March 29, 2019
Albany, NY

Video, Audio, Photos & Rush Transcript: Governor Cuomo Delivers Update on Budget

TOP Video, Audio, Photos & Rush Transcript:...

Governor Cuomo: "I've stated clearly from the beginning what the priorities were in this budget...First priority, directly linked to the context, is the fiscal integrity of the budget. It's math, the numbers have to add up. I know everybody wants to spend everything, so do I. But, there's still an economic reality and the fiscal integrity of the budget."

WYSIWYG

Earlier today, Governor Andrew M. Cuomo delivered an update on the budget due on April 1.

 

VIDEO of today's event is available on YouTube here and in TV quality (h.264, mp4) format here.

 

AUDIO of today's event is available here.

 

PHOTOS of the event are available on the Governor's Flickr page.

 

A rush transcript of the Governor's remarks is available below:

 

Good afternoon. To my right, for those people who have been on a different planet for a while, to my right is Secretary Melissa DeRosa. To my left, Alphonso David, Counsel to the Governor. To his left is Budget Director Robert Mujica. They are all significantly sleep deprived, so please don't take advantage of them. I'm sleep deprived, but I'm actually less sensitive when I'm sleep deprived.

 

We want to give you a quick update on the budget before you take off for the weekend. For me, again, the budget is in a broader context. I know you, a lot of talk about the budget on individual items, but just remember the landscape that we're dealing with. We have a $2.3 billion deficit, shortfall in revenue, which I believe is attributable to the federal tax reform, which I believe is taking a toll on New York. I'm worried about the economic trajectory of the state. I spent yesterday with Mr. Kudlow on a follow-up meeting with President Trump about SALT, and the effect on SALT, and the unfairness of SALT, and the great irony to say you want to help build an economy in this country, but you have a tax reform plan that hurts New York State, California, two of the largest economic engines. I'm worried about the precedent of Amazon, what it says to businesses who would come to New York. So, that's the context for what we're dealing with.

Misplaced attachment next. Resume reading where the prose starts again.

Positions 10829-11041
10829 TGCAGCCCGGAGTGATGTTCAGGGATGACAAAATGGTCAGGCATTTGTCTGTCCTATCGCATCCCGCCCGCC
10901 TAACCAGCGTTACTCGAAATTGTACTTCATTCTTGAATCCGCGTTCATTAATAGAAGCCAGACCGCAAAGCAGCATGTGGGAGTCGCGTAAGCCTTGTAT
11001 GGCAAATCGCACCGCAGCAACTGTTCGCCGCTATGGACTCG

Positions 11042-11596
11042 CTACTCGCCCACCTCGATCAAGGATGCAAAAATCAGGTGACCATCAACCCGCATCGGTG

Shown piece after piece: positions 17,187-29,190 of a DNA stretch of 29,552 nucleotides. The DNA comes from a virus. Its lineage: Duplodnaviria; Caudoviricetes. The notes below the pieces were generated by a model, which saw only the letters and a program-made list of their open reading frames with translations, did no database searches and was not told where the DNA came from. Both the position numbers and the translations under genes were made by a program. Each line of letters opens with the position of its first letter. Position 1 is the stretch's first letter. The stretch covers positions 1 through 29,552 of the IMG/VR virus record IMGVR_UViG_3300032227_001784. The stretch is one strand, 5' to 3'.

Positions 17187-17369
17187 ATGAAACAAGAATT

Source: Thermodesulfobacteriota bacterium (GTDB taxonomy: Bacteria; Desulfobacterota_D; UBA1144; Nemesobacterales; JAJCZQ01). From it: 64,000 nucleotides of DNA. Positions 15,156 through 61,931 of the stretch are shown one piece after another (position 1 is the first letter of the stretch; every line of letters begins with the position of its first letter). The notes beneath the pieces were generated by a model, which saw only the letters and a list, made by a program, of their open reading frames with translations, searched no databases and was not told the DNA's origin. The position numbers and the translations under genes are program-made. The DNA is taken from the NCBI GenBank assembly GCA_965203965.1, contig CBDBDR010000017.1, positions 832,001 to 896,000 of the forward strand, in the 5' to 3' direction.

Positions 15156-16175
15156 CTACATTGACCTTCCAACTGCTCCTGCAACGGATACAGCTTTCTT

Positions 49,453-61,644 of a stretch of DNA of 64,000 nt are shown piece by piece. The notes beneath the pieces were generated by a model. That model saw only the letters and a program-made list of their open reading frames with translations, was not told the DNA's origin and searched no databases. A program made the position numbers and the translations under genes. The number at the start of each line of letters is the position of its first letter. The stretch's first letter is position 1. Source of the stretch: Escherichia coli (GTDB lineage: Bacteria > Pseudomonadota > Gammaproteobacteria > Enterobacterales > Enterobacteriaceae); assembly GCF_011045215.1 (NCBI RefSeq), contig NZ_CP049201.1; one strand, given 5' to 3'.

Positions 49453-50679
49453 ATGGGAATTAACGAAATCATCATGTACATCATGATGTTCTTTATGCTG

I've stated clearly from the beginning what the priorities were in this budget. I've said them over, and over, and over again, and they haven't changed. First priority, directly linked to the context, is the fiscal integrity of the budget. It's math, the numbers have to add up. I know everybody wants to spend everything, so do I. But, there's still an economic reality and the fiscal integrity of the budget. 

 

The permanent property tax cap, because that is directly related to SALT and the instability of New York citizens, and taxpayers and homeowners. That was a top priority, still is a top priority. 

 

Congestion pricing, MTA reform, we tend to focus more on the congestion pricing part. The MTA reform is actually just as important. Reorganization of the MTA, changing the rules about board members and holdovers on the board. Changing the contacting procedures of the MTA to use design-build. Allowing and mandating that the MTA debar bad contractors. A full audit of the MTA. A review of the East Side Access project, which is the project that began before many of the people in this room were born and is still going on, and bringing in a different team to review that the way we did with the L Train. Doing away with the secret pocket veto of the capital plan.

 

Criminal justice reform, where we have made some progress. But there is more to do - speedy trial, discovery, cash bail. And working through cash bail primarily on the different classifications. And public finance, campaign finance reform, and getting that done. Those have always been the priorities and they still are the priority and I won't do a budget without those priorities. As they said, I want to get a budget done on time but it's more important to have a budget that is right. We have never passed a bad budget. We have never passed a budget that turned out to be wrong. I've never come back and did what's called the mid-year correction, which is what you have to do when the budget doesn't work. You have to come back mid-year and adjust all the numbers. And that creates great instability to all the institutions in this state that were depending on that budget: school districts, hospitals, etc. And where we are now in the state that's the last thing I want to see happen.